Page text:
Prevention, treatment offer hope for diabetic foot ulcers

An estimated 30.3 million people in the U.S. have diabetes. The percentage of adults with diabetes increases with age, reaching a high of 25.2 percent among those age 65 or older.

Diabetes may be accompanied by other coexisting conditions such as blindness, heart disease, kidney failure or lower-limb amputation.

High blood sugar levels, poor circulation, immune system issues, nerve damage and infection may contribute to a nonhealing diabetic foot ulcer, according to Heather Hawkins, program director of the OSF Wound Care Clinic in Bloomington. Approximately 15 percent of people living with diabetes will develop a foot ulcer.

Advanced treatment options

Medical office assistant Brandee Thrasher adjusts the settings on a hyperbaric oxygen chamber for a patient at the OSF Wound Care Clinic.

Medical office assistant Brandee Thrasher adjusts the settings on a hyperbaric oxygen chamber for a patient at the OSF Wound Care Clinic.

Mark Tate, 59, of Leroy, has been visiting the OSF Wound Care Clinic for much of this year due to chronic non-healing wounds on his feet. His healing process has been compromised due to type 2 diabetes.

“Although Mark has not fully healed at this time, healing is in sight for him due to regular visits to the OSF Wound Care Clinic and advanced treatment options, like hyperbaric oxygen and negative pressure wound therapy,” Hawkins said.

An estimated 14 to 24 percent of diabetes patients with foot ulcers will experience an amputation. Even more alarming, people with an amputation have a 50 percent mortality rate within five years.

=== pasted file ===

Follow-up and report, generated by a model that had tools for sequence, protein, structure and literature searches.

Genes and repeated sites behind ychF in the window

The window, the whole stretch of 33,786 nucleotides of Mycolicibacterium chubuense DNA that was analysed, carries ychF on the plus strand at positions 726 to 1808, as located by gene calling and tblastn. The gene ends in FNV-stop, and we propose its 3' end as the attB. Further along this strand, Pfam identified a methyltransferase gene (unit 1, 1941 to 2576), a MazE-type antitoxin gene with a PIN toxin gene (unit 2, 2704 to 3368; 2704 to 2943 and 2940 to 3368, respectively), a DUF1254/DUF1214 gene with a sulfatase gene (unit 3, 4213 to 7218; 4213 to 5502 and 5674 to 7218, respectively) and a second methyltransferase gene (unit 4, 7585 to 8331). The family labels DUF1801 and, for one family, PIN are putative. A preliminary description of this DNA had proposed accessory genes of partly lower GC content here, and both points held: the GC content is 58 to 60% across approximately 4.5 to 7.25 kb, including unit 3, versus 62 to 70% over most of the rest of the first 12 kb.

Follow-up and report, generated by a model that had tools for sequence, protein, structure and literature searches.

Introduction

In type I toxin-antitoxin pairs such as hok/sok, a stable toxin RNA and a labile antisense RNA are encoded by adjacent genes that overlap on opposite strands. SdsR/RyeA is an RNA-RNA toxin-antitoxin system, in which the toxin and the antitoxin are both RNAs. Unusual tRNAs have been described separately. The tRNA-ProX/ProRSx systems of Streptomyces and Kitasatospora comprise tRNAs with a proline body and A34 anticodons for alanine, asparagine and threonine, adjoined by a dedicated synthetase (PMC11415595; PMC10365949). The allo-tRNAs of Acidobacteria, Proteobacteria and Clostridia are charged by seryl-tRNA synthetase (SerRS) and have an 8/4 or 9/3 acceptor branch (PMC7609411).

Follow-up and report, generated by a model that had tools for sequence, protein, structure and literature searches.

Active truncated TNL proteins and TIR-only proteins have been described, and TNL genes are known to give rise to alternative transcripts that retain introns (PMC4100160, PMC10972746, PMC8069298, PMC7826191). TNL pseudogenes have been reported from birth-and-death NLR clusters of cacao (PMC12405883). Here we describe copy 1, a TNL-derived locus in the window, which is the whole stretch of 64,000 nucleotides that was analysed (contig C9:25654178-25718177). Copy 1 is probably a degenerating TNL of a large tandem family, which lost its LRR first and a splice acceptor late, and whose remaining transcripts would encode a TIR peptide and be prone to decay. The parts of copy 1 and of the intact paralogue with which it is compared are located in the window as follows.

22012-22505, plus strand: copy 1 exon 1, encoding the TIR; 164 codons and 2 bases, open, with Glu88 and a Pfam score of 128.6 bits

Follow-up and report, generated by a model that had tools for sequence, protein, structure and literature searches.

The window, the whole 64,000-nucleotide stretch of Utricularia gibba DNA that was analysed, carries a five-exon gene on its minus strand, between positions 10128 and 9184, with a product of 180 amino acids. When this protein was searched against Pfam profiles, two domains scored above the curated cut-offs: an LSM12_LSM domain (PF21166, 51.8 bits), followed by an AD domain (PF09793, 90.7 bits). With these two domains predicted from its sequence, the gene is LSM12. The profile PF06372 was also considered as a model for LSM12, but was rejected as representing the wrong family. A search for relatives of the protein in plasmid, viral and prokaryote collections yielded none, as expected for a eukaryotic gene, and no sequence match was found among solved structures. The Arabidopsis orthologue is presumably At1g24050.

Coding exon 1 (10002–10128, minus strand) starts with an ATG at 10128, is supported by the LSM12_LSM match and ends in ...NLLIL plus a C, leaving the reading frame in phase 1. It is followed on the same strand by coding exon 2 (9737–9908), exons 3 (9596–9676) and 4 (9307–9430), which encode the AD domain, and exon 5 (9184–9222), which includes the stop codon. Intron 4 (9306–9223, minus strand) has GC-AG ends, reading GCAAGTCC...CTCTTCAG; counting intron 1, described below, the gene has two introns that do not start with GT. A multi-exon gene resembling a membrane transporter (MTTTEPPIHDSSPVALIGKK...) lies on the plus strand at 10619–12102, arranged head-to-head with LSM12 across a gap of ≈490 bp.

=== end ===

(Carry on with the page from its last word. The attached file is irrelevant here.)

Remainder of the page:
“The OSF Wound Care Clinic has decreased Mark’s number of hospital admissions due to his nonhealing wounds and has greatly diminished the possibility of any future amputation,” Hawkins said.

Prevention strategies

The OSF Wound Care Clinic recommends the following to help prevent diabetic foot ulcers:

  • Stop smoking immediately.
  • Receive comprehensive foot examinations each time you visit your health care provider (at least four times a year).
  • Perform a daily self-inspection of the feet, or have a family member perform the inspection.
  • Maintain regular care of the feet, including cleaning toenails and taking care of corns and calluses.
  • Choose supportive, proper footwear (shoes and socks).
  • Take steps to improve circulation, such as eating healthier and exercising on a regular basis.


About Author: Lisa Coon

Lisa Coon is a Writing Coordinator for OSF HealthCare, where she has worked since August 2016.  A Peoria native, she is a graduate of Bradley University with a degree in journalism. Previously, she worked as a reporter and editor at several newspapers in Iowa and Illinois.

She lives in Groveland with her husband and son. In her free time she likes to cook, bake and read. She freely admits that reality TV is a weakness, and she lives by the quote, “The beach is good for the soul.”

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Categories: Diabetes